Pour batter into a 9"x13" baking pan.
Bake for 20 min or until a toothpick comes out clean.

I usually frost with store-bought chocolate frosting, but that's optional.

Or, you can try to adapt this one. I've never actually made the second one, but a friend made them and I tried them (yummmm!), so it kind of counts.

Edited to adjust the metric components - I think my cookbook's conversion table is off.

A request

Friends I need brownie recipes. I've tried ever so many, yet I can't find one that is just perfect. I like my brownies dense - thick & chewy. The more chocolate the better. I'm searching for any health food either, full fat & sugar versions are perfect.

Have any I can try?

Wednesday, January 16, 2008

Stefanie Roll

This is a Bulgarian meatloaf-type dish. I have no idea who Stefanie is and why the dish is called like that :).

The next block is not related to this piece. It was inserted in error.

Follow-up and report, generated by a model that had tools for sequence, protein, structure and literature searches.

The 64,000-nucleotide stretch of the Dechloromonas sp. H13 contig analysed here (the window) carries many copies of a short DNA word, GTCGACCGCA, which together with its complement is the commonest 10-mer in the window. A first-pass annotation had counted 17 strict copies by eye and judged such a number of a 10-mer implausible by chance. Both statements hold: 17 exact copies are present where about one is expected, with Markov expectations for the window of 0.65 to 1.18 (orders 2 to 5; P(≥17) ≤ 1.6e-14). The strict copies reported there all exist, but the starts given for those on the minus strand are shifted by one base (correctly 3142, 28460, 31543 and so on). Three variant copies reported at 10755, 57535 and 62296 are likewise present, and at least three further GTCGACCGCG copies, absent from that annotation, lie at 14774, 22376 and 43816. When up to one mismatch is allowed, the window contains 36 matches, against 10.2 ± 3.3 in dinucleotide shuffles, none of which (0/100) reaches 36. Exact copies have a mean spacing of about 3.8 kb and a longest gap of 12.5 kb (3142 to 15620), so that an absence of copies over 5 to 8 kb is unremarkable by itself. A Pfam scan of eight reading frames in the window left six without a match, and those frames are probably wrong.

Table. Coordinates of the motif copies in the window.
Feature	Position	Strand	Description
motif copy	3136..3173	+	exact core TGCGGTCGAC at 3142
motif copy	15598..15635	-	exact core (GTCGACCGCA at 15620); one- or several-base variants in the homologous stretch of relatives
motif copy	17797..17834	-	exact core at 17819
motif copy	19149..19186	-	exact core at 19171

Ingredients (makes 4 servings):

1 lb (500 g) ground meat (AUS: mince)
2 eggs
1 dill pickle, quartered
1 carrot
2 celery sticks
1/4 teaspoon of each: salt, black pepper, marjoram, cumin (or, season to taste)


Hard boil one of the eggs (for how to, check here). Cut into quarters lengthwise.

Cut carrot lengthwise.

Steam carrot and celery sticks for 5 min. You can also boil them until they are tender, but steaming is faster and healthier.

Mix the other egg (raw!) with ground meat. Add spices.

Spread the ground meat mixture on aluminum foil forming a rectangle that is about an inch (2.5 cm) thick.

Arrange pickle, carrot, celery and egg along the long side of the meat rectangle.